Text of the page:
Catherine McKenna is a beacon for positive change. She was elected in 2015 as the first female Member of Parliament for Ottawa Centre and appointed Minister of Environment and Climate Change. In 2019, she went on to become Minister of Infrastructure and Communities.
She is also passionate about water. She’s worked to protect the Ottawa River, restore water quality in the Great Lakes, and reduce plastic pollution in our oceans.
Catherine grew up on Lake Ontario near the Hamilton Harbour. She loved open water swimming and canoeing in the lake from a young age.
Her great love of water extended from local freshwater lakes to distant salty seas. When she was a kid, she visited her cousins in Ireland almost every summer. There, she would swim in the sparkling, wild waters of the Irish Sea.
When Catherine attended the University of Toronto, she was captain of the Varsity Blues Swim Team. Even once she got older and was no longer competing, she still enjoyed the thrill of open water swimming.
Just as she was getting into politics, Catherine was invited to participate in a number of open water races. She had done so much swimming in her life that she could do these open water races without much training. Shortly after taking part in these races, she fell even more deeply in love with swimming outside.
Swimming around the world
Catherine tries to swim wherever she goes, from the icy Arctic to sunny San Francisco. It's a point of pride. Whenever she can, she tries to bring people with her to the water, from Olympians to the other ministers of parliament.
When Catherine went open water swimming with Eoghan Murphy, Ireland’s Minister for Housing, he wanted to wear a wetsuit in the frigid Irish waters. Catherine, a seasoned open water swimmer, said “We can't really wear a wetsuit, that’s embarrassing!” Eoghan Murphy quipped, “Well, then I can’t really do it.”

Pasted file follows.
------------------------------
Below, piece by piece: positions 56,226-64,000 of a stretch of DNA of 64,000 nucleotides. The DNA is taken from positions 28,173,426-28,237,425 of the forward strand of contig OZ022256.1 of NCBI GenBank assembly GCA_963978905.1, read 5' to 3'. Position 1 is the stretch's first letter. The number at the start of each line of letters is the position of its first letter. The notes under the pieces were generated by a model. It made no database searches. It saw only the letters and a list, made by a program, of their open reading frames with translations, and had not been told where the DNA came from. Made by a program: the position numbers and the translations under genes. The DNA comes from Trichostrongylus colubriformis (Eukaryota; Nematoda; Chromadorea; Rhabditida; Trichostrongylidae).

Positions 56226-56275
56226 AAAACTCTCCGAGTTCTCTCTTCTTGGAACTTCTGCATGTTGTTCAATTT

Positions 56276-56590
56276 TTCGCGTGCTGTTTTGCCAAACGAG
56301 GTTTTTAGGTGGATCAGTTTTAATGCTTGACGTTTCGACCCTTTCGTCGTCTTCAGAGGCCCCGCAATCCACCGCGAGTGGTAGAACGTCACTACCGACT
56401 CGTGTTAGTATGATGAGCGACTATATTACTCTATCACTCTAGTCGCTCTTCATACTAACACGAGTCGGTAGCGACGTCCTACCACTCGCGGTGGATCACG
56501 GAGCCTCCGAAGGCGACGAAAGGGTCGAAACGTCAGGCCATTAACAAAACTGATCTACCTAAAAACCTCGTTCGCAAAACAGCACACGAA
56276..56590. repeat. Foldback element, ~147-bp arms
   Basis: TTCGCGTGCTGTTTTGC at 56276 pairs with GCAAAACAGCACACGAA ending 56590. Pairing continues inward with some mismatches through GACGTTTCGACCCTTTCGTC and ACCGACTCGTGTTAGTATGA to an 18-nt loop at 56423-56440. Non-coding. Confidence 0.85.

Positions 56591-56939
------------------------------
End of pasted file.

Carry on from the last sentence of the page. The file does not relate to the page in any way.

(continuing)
Long story short, they ended up wearing wetsuits (though Catherine lamented it the whole time).
Catherine certainly doesn’t shy away from cold water.
She recalls going for a Christmas Day swim at ‘the Forty Foot’, a Dublin tradition. The Forty Foot, made famous by author James Joyce, is a rocky headland on the southern tip of Dublin Bay at Sandycove. People have been swimming there for over 200 years.
In the winter months, this ocean swimming spot may be as cold as 4-8°C.
Catherine answers the call of warmer waters, too.
After the last election, she scheduled a bucket list swim. The previous year had been a tough one in politics. She described the election as “extremely tough and very negative.” She gives herself credit for having the foresight to know she would need a good swim when it was all over.
Catherine saved up her pennies, and headed south to the Carribean for an open water swimming adventure. She and her fellow swimmers traversed 6 kilometers every day. She didn't know anyone on the trip, no other Canadians showed up, and some of the swims were quite physically taxing.
Catherine loves swimming all over the world, but there’s no place like home. When Catherine comes home, no matter what, her friends Madhu Naharaja and Loren King take her for a sunrise swim near the Burlington Beach area.